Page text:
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General => The Right To Bear Arms => Topic started by: Jonnie Goodboy on January 02, 2012, 12:04:55 pm

Title: BANG! Go any chances of relaxion of Gun Laws in the UK. Six-Shooter kills family
Post by: Jonnie Goodboy on January 02, 2012, 12:04:55 pm
The Daily Mail is obviously gunning for not only headline sales but stiffer laws by rejuvenating public FEAR.

'Depressed' killer who slaughtered his partner and two other women in New Year's Day massacre had licences for SIX guns.

Read more:

'Shoot' is the ALT text accompanying this image as it appears in Photo-shopped layers & a smaller format on the front page, of the Daily Mails' web site.

A taxi driver who slaughtered three of his family in a New Year's Day bloodbath was licensed to own six guns, it emerged today.
Michael Atherton, 42, was legally allowed to keep three shotguns and three other firearms.
It was claimed tonight that he had been suffering from depression in the months before the massacre which left his partner Susan McGoldrick, her sister Alison Turnbull and her niece Tanya dead.
Atherton opened fire in his semi-detached house in in Horden, near Peterlee, County Durham, just before midnight last night.
The alarm was raised when Mrs McGoldrick's teenage daughter Laura narrowly managed to escape after being shot when her step-father opened fire.

Read the whole kaplah:

Title: Re: BANG! Go any chances of relaxion of Gun Laws in the UK. Six-Shooter kills family
Post by: Jonnie Goodboy on January 04, 2012, 05:30:55 am
"Mr Atherton was licensed to own six weapons, three of them shotguns and a further three "section-one*" firearms." — BBC

Read full
3 January 2012

Shooter — Michael Atherton. Fortunately not our ex-National Cricket Captain, also a Mike.Athers.


‘Section 1’ Firearms *

'Shooters wishing to use a .22 for rabbiting, a .17HMR for vermin control, a .243 for foxing or a .308 for stalking will need a ‘Section 1’ Firearms Certificate. This enables the holder to possess the exact calibre, number and type of rifles specified on the licence and outlines the purposes for which each may be used. Therefore, if you are found shooting rabbits with your .308 and it specifies on your licence that it is for deer shooting, you will be committing an offence. You can see the application form for a FAC on the Metropolitan Police website:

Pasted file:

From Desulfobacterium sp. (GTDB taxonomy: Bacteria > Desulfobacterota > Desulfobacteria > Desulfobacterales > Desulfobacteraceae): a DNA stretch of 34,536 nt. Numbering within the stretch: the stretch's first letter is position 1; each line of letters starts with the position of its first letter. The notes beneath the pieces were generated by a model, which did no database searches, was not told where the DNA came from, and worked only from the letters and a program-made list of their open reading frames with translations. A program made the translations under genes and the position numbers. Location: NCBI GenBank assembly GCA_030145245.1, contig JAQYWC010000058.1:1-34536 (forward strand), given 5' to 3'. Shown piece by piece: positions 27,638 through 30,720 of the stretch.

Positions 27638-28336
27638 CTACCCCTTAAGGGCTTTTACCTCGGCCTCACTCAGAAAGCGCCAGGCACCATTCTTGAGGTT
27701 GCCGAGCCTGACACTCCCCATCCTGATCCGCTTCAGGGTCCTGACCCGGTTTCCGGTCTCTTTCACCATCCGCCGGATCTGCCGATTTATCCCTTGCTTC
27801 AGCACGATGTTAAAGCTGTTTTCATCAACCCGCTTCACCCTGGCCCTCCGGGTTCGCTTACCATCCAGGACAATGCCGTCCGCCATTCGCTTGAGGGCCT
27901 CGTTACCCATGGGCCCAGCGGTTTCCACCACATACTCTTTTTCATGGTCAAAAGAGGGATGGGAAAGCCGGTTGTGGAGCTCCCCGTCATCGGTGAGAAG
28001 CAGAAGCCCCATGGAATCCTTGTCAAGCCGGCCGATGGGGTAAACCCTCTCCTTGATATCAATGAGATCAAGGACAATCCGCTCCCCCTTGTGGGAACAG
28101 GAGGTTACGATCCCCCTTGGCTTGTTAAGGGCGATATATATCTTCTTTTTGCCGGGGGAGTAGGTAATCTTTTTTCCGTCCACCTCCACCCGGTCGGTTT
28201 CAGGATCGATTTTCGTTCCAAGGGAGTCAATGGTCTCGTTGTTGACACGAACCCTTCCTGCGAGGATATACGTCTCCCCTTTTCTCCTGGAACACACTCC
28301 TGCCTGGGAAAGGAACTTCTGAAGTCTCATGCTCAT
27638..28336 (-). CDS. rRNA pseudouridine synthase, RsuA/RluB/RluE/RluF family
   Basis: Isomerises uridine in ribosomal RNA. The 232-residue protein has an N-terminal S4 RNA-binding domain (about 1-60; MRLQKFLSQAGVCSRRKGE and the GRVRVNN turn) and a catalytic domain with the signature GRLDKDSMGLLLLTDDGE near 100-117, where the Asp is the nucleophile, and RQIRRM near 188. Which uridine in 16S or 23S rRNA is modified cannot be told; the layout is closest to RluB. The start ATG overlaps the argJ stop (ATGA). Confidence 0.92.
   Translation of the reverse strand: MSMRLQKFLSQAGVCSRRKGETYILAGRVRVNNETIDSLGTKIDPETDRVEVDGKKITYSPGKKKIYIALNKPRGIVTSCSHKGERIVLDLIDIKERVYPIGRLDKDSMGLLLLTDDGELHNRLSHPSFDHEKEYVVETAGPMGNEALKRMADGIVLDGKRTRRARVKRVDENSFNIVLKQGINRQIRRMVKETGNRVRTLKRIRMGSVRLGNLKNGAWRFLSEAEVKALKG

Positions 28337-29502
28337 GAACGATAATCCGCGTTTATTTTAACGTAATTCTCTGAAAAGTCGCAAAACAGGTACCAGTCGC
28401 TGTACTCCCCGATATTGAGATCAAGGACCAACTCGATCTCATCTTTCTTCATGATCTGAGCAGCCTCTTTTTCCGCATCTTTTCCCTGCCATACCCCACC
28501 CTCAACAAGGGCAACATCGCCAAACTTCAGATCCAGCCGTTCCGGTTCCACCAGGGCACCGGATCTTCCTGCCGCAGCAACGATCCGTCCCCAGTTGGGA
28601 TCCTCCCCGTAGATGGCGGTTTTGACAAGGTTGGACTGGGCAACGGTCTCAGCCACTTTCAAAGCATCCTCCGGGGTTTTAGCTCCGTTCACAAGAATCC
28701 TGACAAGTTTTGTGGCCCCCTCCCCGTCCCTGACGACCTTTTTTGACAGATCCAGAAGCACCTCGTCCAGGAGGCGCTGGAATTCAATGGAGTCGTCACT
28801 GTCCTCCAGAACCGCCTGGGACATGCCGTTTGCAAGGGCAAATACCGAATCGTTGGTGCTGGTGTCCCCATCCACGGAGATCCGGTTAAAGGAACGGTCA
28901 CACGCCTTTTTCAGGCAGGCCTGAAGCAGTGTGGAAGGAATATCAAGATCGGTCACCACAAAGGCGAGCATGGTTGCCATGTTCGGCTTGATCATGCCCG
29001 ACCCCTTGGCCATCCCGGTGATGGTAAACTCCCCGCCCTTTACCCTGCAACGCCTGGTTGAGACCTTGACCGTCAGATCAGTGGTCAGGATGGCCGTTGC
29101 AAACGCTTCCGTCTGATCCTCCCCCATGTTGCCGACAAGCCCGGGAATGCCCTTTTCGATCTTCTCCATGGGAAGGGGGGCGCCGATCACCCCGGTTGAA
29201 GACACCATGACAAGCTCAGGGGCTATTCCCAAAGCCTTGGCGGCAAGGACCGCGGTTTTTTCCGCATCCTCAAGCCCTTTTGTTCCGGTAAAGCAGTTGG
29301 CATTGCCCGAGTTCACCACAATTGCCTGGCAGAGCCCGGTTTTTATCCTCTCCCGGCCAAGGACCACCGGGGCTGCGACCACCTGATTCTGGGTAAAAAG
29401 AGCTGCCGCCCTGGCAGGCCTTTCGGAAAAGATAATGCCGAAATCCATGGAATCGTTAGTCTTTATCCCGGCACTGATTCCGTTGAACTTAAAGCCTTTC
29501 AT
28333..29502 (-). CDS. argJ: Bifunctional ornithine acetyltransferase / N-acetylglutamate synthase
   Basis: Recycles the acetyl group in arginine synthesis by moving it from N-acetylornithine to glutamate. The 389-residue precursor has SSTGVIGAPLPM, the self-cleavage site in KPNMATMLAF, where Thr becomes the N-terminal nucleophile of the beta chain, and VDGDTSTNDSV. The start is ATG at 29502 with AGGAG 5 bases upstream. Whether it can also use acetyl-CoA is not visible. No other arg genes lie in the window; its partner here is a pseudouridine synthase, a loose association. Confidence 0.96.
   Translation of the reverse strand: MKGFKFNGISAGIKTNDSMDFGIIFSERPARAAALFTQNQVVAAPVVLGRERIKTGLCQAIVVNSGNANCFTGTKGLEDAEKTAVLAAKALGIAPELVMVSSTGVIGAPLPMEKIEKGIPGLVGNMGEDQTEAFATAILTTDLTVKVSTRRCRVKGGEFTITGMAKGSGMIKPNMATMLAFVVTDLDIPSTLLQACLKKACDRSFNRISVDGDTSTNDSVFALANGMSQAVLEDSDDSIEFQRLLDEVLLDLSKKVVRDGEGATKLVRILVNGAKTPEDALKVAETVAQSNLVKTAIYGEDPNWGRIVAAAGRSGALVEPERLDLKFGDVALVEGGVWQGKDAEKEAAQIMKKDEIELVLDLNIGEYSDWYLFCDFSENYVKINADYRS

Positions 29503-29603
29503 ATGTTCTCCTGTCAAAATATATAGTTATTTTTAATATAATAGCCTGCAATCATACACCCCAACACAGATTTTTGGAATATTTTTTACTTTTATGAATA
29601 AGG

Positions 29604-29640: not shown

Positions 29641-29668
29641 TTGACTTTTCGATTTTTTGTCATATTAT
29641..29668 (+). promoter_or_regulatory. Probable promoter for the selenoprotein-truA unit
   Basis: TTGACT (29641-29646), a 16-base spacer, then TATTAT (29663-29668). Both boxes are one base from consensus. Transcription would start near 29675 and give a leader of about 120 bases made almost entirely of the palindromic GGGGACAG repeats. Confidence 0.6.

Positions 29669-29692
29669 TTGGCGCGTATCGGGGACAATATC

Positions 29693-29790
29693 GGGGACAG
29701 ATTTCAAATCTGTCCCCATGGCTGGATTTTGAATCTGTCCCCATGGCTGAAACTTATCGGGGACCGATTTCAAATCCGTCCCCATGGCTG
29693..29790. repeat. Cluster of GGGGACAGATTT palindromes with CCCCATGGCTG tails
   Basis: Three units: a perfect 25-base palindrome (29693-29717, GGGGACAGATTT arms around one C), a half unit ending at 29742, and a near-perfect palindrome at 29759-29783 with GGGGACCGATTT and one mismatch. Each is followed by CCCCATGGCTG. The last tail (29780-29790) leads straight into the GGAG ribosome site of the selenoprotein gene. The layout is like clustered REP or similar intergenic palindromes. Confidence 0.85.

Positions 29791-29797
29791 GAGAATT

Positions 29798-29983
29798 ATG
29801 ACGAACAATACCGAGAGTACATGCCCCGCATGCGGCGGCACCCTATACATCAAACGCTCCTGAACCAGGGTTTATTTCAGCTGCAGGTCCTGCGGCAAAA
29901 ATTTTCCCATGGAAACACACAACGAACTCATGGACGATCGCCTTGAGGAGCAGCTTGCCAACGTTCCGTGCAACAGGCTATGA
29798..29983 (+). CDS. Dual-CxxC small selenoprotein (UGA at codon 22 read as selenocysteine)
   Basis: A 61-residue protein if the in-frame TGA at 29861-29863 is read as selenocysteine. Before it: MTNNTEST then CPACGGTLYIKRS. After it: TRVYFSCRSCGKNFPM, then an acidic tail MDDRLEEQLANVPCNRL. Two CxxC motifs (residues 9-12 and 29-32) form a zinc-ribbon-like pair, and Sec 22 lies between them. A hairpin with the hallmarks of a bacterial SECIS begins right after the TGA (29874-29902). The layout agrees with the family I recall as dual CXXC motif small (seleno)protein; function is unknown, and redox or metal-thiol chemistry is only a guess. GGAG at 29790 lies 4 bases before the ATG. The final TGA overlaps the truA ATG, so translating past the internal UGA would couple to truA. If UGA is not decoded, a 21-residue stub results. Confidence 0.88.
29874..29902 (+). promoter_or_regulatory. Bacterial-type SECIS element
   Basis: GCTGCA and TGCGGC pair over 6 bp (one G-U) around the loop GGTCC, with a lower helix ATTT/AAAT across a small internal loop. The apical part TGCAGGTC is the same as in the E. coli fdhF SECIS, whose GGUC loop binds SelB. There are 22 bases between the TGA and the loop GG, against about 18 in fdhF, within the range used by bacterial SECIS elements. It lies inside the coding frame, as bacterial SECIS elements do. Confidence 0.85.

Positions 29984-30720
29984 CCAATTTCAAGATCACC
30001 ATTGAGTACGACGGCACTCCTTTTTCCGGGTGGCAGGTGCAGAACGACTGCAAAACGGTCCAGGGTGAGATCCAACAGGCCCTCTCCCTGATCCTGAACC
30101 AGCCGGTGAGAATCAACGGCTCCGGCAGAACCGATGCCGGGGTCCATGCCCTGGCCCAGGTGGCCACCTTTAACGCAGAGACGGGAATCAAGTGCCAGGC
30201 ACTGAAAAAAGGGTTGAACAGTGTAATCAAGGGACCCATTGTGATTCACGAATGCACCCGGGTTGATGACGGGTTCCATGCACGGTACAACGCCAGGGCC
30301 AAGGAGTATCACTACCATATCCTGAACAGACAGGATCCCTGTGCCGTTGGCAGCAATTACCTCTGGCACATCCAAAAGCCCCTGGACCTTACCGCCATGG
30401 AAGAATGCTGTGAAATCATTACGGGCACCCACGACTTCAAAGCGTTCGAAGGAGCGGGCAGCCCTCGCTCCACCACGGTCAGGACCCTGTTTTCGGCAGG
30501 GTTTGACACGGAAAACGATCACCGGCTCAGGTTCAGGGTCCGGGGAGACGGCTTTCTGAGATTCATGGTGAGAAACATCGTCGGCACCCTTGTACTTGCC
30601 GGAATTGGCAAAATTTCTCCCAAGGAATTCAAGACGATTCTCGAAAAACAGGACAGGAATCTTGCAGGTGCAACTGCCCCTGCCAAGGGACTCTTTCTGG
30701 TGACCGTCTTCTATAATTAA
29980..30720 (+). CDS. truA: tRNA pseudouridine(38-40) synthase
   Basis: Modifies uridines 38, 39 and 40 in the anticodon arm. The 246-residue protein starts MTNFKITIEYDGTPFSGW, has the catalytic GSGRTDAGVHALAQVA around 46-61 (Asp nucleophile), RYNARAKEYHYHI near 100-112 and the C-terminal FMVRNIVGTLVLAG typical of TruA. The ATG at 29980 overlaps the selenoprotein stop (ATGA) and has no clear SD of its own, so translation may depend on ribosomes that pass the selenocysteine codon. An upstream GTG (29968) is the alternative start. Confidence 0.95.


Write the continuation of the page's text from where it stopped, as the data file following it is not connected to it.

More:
Unlike ‘Section 2’ shotguns, a ‘Section 1’ firearm must be required for a specific purpose (called ‘Good Reason’) and the police need to be satisfied that the applicant needs it and has good cause to want it for the specified purpose. If you cannot convince the police of your need, they do not have to grant the FAC.

A first FAC is usually restricted and the owner may only use his rifle on land specified or approved by the police for that calibre weapon. An experienced FAC holder may be granted an ‘open licence’ which means he can use the rifle anywhere he judges it to be safe and appropriate, within the law.

Another type of gun that is considered a ‘Section 1’ firearm is any shotgun with a barrel shorter than 24” or a semi-auto or pump-action gun with the capacity to hold more than two shells in the magazine, or any shotgun with a detachable magazine. Air rifles which exceed the 12ft/lb power output limit are considered ‘Section 1’ firearms.

Security for ‘Section 1’ firearms is similar to that for shotguns except that the police are more likely to insist on a monitored alarm and they also require ammunition to be locked securely (ideally in a separate section from the rifles).

In order to buy and sell ‘Section 1’ firearms, the police must grant permission in advance for each sale or transfer. Any ammunition purchased must be entered on the FAC by the seller and the amount of ammunition possessed is restricted and specified by the police.

When travelling with firearms, do not leave them unattended and whilst travelling, bolts, magazines and ammunition should be stowed separately from the rifle. Trigger locks and cable ties are also a wise precaution.'